In my previous post I wrote about what client projects are and shared a couple of tips on how to make the most of them.
What I haven’t mentioned then, is that there is an emotional “layer” to it.
I decided to dedicate an entire blog post for it as it’s such an important element of the whole weekly project experience. Just by being aware of what others have gone through, might help you understand what you are going through as well. Or at least feel that you are not alone.
After the first couple of projects I began to notice a specific emotional pattern that I go through during the week and that seems to repeat itself for each project.
The stages I’m about to describe might be different for other people, however I’m sure that everyone can identify themselves with at least one of them.
Stage 1 – We will conquer the world
Usually on Monday I start off being very positive, confident and curious about the project. During the kickoff I can already envision the amazing dashboard or amazing workflow that will be delivered at the end of the week, and can already see the clients nodding in appreciation of our work.
After the kick off meeting we start planning the week, getting to grips with the data and dividing who will be doing what. At this stage there still is a burst of confidence and the feeling that so much can and will be done and the project will be a massive success.
Stage 2 – There might be a few difficulties, but nothing we can’t handle
A couple of hours into the actual work we usually realize that it’s not as simple as we initially thought, that there are quite a few caveats and a lot more things that need clarification.
As an example, this is when we realize that tables that should join have way to many records falling out, that some of the data is incomplete and that we have no idea how some calculations were made. We might also realize that the data set is too big and difficult to use in visualizations or that in order to create the visualization one needs to become an expert in table calcs.
However, because it’s still Monday and feel like there is plenty of time till Friday, possible solutions are still to be implemented there is still the confidence that we’ll find a way to figure things out, and pull together the most amazing project.
Stage 3 – This is NOT going to end well!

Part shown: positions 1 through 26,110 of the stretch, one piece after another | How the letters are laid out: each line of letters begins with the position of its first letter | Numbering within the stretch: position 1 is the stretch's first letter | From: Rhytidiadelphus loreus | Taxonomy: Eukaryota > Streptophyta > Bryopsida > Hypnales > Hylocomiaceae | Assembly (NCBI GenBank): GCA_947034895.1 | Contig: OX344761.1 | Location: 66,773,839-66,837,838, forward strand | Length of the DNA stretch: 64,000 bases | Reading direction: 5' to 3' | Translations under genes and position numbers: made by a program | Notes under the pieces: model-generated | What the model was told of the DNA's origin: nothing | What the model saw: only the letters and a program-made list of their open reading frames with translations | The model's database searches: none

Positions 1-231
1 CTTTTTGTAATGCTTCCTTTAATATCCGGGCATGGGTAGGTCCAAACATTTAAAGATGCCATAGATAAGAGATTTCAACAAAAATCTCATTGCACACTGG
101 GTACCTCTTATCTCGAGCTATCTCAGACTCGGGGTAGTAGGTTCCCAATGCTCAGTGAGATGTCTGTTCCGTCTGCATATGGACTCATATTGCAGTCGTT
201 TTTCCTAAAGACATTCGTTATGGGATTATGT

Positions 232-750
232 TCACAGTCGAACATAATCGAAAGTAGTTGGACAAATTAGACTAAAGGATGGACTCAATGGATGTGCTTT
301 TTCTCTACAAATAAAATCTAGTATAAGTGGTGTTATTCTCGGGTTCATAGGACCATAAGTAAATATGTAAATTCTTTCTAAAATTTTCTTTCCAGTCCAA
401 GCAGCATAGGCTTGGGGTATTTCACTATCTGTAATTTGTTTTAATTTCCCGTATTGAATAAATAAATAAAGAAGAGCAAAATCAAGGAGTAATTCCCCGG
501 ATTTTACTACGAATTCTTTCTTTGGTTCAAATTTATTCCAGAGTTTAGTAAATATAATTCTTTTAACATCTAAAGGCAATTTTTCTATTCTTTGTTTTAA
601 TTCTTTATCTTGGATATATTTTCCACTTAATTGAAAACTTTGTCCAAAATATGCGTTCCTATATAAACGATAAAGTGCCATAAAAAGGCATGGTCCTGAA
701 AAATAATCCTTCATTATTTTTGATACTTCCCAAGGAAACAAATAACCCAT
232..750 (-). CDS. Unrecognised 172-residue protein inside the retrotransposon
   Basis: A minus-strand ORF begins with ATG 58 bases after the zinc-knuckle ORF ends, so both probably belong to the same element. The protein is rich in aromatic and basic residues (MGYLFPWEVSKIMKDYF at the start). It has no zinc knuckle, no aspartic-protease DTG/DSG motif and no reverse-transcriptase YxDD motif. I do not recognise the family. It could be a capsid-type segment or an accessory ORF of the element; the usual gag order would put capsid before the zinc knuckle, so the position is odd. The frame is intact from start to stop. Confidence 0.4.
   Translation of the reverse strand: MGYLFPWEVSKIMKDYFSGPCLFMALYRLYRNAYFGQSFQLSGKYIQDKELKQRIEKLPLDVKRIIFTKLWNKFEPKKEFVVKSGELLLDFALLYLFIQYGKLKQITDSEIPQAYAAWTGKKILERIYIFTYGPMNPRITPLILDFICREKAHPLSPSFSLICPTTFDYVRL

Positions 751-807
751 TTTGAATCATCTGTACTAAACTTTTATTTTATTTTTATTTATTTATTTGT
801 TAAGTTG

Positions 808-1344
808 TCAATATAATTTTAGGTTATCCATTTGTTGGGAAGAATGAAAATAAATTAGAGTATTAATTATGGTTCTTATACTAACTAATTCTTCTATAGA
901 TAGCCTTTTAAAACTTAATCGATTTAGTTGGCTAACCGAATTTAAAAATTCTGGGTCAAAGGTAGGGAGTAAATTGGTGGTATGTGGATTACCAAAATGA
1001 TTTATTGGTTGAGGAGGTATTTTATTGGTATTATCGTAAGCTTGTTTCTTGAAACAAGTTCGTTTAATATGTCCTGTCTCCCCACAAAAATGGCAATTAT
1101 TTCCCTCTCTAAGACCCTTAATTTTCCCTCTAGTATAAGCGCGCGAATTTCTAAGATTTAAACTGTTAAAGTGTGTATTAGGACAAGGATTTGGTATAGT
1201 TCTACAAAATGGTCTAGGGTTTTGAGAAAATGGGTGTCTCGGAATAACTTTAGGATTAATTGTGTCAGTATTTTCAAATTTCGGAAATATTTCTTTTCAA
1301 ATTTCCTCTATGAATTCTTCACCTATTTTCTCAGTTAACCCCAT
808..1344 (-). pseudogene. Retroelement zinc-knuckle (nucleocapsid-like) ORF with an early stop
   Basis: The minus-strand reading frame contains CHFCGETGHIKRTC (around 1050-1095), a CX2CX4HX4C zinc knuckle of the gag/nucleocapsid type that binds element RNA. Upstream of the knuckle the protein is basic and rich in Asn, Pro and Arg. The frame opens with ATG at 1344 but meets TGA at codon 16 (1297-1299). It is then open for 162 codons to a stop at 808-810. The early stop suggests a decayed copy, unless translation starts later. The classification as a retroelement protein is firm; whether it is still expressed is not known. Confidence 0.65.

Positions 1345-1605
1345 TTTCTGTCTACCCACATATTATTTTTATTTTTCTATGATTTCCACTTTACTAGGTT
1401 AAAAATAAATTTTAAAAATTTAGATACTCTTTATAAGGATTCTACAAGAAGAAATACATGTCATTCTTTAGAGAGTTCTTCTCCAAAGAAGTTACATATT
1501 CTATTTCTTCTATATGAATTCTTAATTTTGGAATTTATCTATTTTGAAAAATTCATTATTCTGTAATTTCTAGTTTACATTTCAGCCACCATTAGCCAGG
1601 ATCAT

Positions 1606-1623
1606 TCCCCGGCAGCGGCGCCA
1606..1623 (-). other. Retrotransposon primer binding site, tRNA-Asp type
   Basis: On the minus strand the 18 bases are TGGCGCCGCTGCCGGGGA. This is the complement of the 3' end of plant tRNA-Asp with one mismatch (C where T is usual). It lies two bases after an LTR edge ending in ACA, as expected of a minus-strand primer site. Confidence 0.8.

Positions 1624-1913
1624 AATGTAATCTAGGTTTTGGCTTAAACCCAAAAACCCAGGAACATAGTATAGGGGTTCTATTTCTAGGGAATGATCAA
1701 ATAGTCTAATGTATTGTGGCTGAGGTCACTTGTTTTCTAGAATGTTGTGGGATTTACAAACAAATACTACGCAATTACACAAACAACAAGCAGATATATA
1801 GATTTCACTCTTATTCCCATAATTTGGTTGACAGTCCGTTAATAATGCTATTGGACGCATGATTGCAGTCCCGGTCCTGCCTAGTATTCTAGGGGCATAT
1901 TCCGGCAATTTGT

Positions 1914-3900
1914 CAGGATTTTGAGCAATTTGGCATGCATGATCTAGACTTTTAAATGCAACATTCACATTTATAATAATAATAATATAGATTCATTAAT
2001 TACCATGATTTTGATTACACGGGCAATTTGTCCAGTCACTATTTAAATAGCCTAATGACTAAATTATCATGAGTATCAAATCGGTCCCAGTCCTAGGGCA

Towards the middle of the week we start feeling the time pressure and realize that we’re not going to complete everything we planned. By this time we have tried out most of the possible solutions that we had in mind on Monday and came to the conclusion that most of them don’t work.
Panic starts to creep in and the huge need to prioritize and reevaluate what we can actually deliver arises.
This stage is important in terms of managing the client’s expectations as well as our own expectations of what we can achieve. This exercise helps relieve pressure and gives more clarity in terms of next steps.
Stage 4 – One final push
One day before the end of the project, the revised deliverables are starting to come together however there still is the (self-imposed) pressure and desire to maybe add something more and enhance the result.
Questions like “Have I done enough? Shouldn’t I do more?” are still lingering in my head.
Stage 5 – There is hope after all
The last day of the project is also the day in which we present our work to the client. This is when we are usually focused on adding the finishing touches, creating the documentation and putting together the presentation. I mentioned in my previous post the importance of practicing the presentation. So this is the best time for it.
Not only that it brings everything together and makes sure that we are all consistent in what we are presenting it also creates an opportunity to look back and realise how much we actually achieved within that week. There’s also the rewarding feeling of seeing the client’s reaction and that the work is appreciated.
Although tired, I get back to the initial stage of enthusiasm and excitement that was present on Monday.
What about you?
As mentioned at the beginning, this experience varies from one person to the other. So it would be interesting to know how you felt when working on short term projects and which are the stages you go through.